Morton’s neuroma, also known as interdigital neuroma, is a nerve tissue growth in the forefoot between the toes. The growth often leads to a lot of pain, but is a benign, non-cancerous condition. Morton’s neuroma is usually found between the third and fourth toe; however, on rare occasions can also be found between the third and second toes. The cause of Morton’s neuroma is not clear; however, the irritation of the regional nerve leads to inflammation, scarring or tumor of the nerve. The symptoms are felt due to irritation of the nerve between the metatarsals.

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Does Physical Therapy Help Morton’s Neuroma?

Morton’s neuroma is diagnosed based on the history, symptoms, locations and physical examination. Foot X-ray may be ordered to rule out differential diagnosis of stress fracture and on occasion foot MRI also may be ordered to confirm the diagnosis of Morton’s neuroma.

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The treatment plan of Morton’s neuroma starts with conservative therapy and may involve surgical intervention, if conservative therapy fails. The conservative management of Morton’s neuroma is incomplete without the involvement of physical therapy. A physical therapist is the best person to approach regarding various adjustments and the first one is adjustment in the footwear. Footwear with wide toe box, soft soles and low heels are the best choice with avoidance of high heels, narrow toe box and non-padded footwear. The use of wide toe box footwear is advocated to give space between metatarsals to avoid their squeezing in the shoes and irritating neuroma further.

Since, the neuroma may be further irritated by putting pressure on it and that involves walking too. To avoid this and redistribute pressure from the metatarsals, metatarsal pads are recommended to alter the alignment of the metatarsal heads. This prevents irritation and compression of the interdigital nerves and onto Morton’s neuroma.

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Orthotics helps correct mechanical imbalances of the foot in cases of flat foot or high arched foot.

In addition to adjustment in the footwear, physical therapy may involve contrast therapy, which involves alternative use of ice pack and heating pad to alleviate inflammation. Deep tissue massage and stretching exercises increase the flexibility of the ligaments as well increase the toe mobility and muscle strengthening of muscles affected by Morton’s neuroma. These strengthening exercises help prevent Morton’s neuroma from recurring.

Other forms of physical therapy include cryotherapy, ultrasound, and moist heat. These treatment options are directed towards the painful site to control pain and inflammation in the area. These therapy sessions may also include phonophoresis and iontophoresis to push anti-inflammatory medication directly to the painful site. These treatment options are usually helpful for patients who are unable to tolerate injections.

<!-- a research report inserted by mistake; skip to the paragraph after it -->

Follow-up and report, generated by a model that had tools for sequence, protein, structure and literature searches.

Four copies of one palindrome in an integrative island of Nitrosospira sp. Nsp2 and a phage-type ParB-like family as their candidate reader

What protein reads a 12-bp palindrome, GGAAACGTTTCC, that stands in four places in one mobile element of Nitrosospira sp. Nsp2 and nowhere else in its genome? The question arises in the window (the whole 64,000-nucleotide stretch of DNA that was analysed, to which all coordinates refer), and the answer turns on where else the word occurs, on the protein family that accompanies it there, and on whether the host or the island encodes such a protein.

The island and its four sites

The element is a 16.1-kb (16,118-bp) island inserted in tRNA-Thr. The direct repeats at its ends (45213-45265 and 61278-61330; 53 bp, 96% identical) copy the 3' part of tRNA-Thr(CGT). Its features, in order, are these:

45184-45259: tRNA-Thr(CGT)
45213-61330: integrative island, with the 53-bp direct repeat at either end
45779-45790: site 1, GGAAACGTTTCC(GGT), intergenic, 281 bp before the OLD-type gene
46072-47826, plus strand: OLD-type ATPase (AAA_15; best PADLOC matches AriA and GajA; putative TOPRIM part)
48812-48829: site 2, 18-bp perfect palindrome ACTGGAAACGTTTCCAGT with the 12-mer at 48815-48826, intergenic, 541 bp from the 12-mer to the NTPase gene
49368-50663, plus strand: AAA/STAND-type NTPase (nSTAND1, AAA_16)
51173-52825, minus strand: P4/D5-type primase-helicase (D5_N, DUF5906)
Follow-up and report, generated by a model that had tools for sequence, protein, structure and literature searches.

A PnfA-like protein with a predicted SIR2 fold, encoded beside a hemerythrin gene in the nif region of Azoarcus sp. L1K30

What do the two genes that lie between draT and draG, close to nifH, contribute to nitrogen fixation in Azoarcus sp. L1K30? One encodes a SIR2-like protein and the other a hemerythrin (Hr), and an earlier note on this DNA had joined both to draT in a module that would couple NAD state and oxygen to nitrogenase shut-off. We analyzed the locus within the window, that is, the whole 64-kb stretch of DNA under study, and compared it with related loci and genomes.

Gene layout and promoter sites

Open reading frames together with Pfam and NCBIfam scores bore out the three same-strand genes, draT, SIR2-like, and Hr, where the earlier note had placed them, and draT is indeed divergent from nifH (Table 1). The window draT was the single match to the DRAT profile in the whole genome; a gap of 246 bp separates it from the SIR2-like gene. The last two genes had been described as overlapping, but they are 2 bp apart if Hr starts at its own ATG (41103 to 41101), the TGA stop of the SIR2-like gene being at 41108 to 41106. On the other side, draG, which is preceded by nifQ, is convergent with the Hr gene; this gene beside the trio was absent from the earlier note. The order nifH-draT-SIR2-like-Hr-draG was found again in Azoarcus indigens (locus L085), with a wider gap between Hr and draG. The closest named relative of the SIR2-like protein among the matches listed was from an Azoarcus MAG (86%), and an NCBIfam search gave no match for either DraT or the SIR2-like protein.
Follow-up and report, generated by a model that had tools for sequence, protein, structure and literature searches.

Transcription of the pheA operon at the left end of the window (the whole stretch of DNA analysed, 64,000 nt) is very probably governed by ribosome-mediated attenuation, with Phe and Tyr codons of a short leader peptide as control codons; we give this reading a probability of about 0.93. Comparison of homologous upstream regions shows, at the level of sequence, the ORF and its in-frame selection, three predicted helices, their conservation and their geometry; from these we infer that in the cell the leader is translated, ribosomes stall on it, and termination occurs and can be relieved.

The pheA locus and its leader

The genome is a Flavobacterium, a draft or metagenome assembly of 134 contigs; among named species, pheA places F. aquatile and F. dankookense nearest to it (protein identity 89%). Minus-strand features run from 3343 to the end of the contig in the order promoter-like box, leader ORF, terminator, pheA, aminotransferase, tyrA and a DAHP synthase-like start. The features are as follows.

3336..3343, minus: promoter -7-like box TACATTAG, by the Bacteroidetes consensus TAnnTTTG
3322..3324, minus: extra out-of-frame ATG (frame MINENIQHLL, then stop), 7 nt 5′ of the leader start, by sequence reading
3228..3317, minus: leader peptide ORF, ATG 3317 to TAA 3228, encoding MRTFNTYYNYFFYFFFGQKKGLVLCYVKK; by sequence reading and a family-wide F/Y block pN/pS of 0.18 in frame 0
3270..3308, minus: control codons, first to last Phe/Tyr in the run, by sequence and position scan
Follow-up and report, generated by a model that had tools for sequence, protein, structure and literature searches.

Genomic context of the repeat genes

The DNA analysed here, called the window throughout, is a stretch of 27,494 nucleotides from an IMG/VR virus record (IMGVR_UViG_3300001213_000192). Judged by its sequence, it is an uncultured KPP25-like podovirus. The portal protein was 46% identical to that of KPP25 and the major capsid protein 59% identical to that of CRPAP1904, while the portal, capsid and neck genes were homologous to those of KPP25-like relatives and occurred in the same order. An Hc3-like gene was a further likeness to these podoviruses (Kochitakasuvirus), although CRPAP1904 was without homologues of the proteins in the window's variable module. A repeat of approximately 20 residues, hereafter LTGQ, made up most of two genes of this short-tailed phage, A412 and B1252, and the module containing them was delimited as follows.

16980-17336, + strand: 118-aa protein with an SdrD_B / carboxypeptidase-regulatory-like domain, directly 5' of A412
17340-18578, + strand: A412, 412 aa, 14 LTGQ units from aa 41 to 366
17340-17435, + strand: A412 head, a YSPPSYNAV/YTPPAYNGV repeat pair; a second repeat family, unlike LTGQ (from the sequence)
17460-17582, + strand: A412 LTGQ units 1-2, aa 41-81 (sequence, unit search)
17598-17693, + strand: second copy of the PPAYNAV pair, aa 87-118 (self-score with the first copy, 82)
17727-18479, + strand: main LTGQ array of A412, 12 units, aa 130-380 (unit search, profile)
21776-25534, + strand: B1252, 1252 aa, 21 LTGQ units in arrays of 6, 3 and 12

Physical therapy is not only plays a pivotal role in conservative management of Morton’s neuroma, but is also an important part of post-surgical rehabilitation program. Post-surgery, physical therapy has an integral role in rehabilitation of the normal activity and range of motion of the muscles along with alignment of ligaments and muscles and their strengthening for proper movement of foot, so that regular daily activities can be performed.

Pain In Morton’s Neuroma

There have been various theories regarding the pain caused by Morton’s neuroma and the most probable cause derived is the irritation of nerve due to entrapment of nerve between the metatarsals and ligaments due to bone squeezing. This chronic irritation can lead to pain and paresthesias. This irritation of the nerve can be triggered by wearing high heels or narrow toe shoes, injury to the foot, flat foot or high arched foot that may lead to changed biomechanics of the foot.

The pain of Morton’s neuroma is felt between the toes or the ball of the foot and is radiating, sharp, burning, shooting pain that may be accompanied by numbness and tingling of the toes. This sensation is aggravated by putting pressure on the foot and relieved by resting the foot. Sometimes, it might be accompanied by a feeling of swelling between the toes.

Pramod Kerkar

Written, Edited or Reviewed By:

, MD,FFARCSI

Pain Assist Inc.

Last Modified On: March 12, 2019

This article does not provide medical advice. See disclaimer

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